Firekeeper’s Daughter

Firekeeper’s Daughter

by

Angeline Boulley

Teachers and parents! Struggling with distance learning? Our Teacher Edition on Firekeeper’s Daughter can help.
Daunis is a member of the Sugar Island Ojibwe tribe.

Ojibwe Quotes in Firekeeper’s Daughter

The Firekeeper’s Daughter quotes below are all either spoken by Ojibwe or refer to Ojibwe. For each quote, you can also see the other terms and themes related to it (each theme is indicated by its own dot and icon, like this one:
Justice Theme Icon
).
Chapter 14 Quotes

Maybe it isn’t about helping the FBI, but about protecting my community. Can I do one without the other? If I don’t sign on, they will find someone else to be their confidential informant.

Jamie is right—I know science and Ojibwe culture. I also know that I am strong enough to do this. There is one more thing I know…My definition of being a good Secret Squirrel is not the same as theirs.

Maybe there isn’t one investigation taking place, but two.

Theirs. And mine.

I sign the agreement.

Related Characters: Daunis Fontaine (speaker), Jamie Johnson, Ron Johnson, Uncle David
Page Number: 131
Explanation and Analysis:
Chapter 18 Quotes

“The FBI had been investigating meth activity. The incident in Minnesota was unusual enough for the FBI to look into the different substances being added during production.”

“Do you know how the kids are doing now?” I hope their community has good resources to help them.

When Jamie admits he doesn’t know, it reinforces how different we are. The FBI is interested in learning what caused the group hallucination. I want to know if the kids are okay.

Related Characters: Jamie Johnson (speaker), Daunis Fontaine (speaker)
Page Number: 157-158
Explanation and Analysis:
Chapter 26 Quotes

I have wanted this ever since I understood that being Anishinaabe and being an enrolled citizen weren’t necessarily the same thing.

My mind races, remembering Granny’s unsuccessful efforts to get this for Lily.

I can become a member. Except…It changes nothing about me.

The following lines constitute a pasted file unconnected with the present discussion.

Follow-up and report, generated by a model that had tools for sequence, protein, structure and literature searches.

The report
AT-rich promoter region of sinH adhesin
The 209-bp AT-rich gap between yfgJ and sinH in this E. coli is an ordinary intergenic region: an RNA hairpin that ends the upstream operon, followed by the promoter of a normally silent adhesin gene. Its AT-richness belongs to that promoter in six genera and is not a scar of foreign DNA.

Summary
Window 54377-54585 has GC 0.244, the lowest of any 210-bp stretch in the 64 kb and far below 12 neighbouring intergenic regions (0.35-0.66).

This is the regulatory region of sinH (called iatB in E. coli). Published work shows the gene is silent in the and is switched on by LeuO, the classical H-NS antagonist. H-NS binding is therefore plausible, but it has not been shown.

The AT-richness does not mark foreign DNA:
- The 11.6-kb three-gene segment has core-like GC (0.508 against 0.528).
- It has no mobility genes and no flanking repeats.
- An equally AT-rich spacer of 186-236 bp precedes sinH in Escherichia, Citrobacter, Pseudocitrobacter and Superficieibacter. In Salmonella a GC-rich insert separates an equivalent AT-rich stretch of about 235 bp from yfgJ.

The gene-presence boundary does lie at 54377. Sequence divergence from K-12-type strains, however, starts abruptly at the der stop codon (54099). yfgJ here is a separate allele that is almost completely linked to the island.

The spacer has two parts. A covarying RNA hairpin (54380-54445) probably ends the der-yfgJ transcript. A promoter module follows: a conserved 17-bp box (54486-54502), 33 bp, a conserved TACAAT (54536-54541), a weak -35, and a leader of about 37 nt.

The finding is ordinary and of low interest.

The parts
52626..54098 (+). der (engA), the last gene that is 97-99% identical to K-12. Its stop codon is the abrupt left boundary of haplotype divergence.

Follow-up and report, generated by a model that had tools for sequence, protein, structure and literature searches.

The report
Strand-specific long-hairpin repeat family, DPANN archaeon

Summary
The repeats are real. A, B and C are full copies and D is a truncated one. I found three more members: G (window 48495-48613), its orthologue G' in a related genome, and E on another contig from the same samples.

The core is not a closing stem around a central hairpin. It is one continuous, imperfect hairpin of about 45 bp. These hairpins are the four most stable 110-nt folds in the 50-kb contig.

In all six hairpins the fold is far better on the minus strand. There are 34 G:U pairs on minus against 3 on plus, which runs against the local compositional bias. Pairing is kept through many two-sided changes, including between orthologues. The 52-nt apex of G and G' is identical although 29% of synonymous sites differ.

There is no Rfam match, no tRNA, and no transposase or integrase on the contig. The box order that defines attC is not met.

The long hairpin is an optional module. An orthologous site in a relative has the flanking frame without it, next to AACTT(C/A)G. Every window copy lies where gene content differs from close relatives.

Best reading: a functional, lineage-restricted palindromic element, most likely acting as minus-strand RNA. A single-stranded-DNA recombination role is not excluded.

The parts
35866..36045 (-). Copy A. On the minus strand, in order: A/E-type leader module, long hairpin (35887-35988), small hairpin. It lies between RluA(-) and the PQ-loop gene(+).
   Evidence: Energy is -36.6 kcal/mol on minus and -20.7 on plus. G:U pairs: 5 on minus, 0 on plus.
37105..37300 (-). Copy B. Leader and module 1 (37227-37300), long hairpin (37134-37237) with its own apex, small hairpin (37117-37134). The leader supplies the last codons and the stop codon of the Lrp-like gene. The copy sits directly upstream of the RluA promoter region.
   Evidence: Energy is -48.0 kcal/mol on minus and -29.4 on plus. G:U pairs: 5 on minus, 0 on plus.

I am Anishinaabe. Since my first breath. […]

My whole life, I’ve been seeking validation of my identity from others. Now that it’s within my reach, I realize I don’t need it.

“Miigwech.” I take a deep breath. “But I don’t need a card to define me.”

“I know you don’t, Daunis. But think about,” Auntie says. “This is a gift from your dad.”

[…]

Granny says, “Your decision isn’t just about you. It’s for your children. Grandchildren.”

Related Characters: Daunis Fontaine (speaker), Auntie Teddie (speaker), Granny June (speaker), Dad
Page Number: 237
Explanation and Analysis:

Each tribe has the sovereign right to determine who is a member. My best friend couldn’t get enrolled because of the way the Sugar Island Ojibwe Tribe’s enrollment office calculated Indian blood quantum: fractions of Indian blood based on lineage. Granny June’s first husband was from a First Nations band in Canada, so Lily’s pedigree didn’t meet the standard. Too many ancestors from across the river, not the right kind of Indian blood. Granny filed an appeal with Tribal Council, telling them, No one told me I wasn’t supposed to snag on that side of the river. We were here before that border existed. Every one of yous got cousins over there. But Council rejected her appeal for Lily’s membership application.

Related Characters: Daunis Fontaine (speaker), Granny June (speaker), Lily, Grant Edwards
Page Number: 243
Explanation and Analysis:
Get the entire Firekeeper’s Daughter LitChart as a printable PDF.
Firekeeper’s Daughter PDF

Ojibwe Term Timeline in Firekeeper’s Daughter

The timeline below shows where the term Ojibwe appears in Firekeeper’s Daughter. The colored dots and icons indicate which themes are associated with that appearance.
Chapter 2 
Justice Theme Icon
Generational Trauma and Bigotry Theme Icon
Family and Community Theme Icon
...that the girls aren’t enrolled. Daunis and Lily are just descendants of the Sugar Island Ojibwe Tribe, as Lily doesn’t meet the minimum blood-quantum requirement and Daunis’s dad isn’t on her... (full context)
Chapter 9
Justice Theme Icon
Ceremony, Pride, and Healing Theme Icon
...light skin and money will protect her—Auntie can’t hope the same for her Black and Ojibwe daughters. Daunis feels ashamed. (full context)
Chapter 12
Justice Theme Icon
Generational Trauma and Bigotry Theme Icon
...that they saw Daunis’s science fair project about traditional chokecherry pudding’s medicinal properties; she knows Ojibwe culture and science. They believe the manufacturer is similar, though they know it’s not Daunis—she... (full context)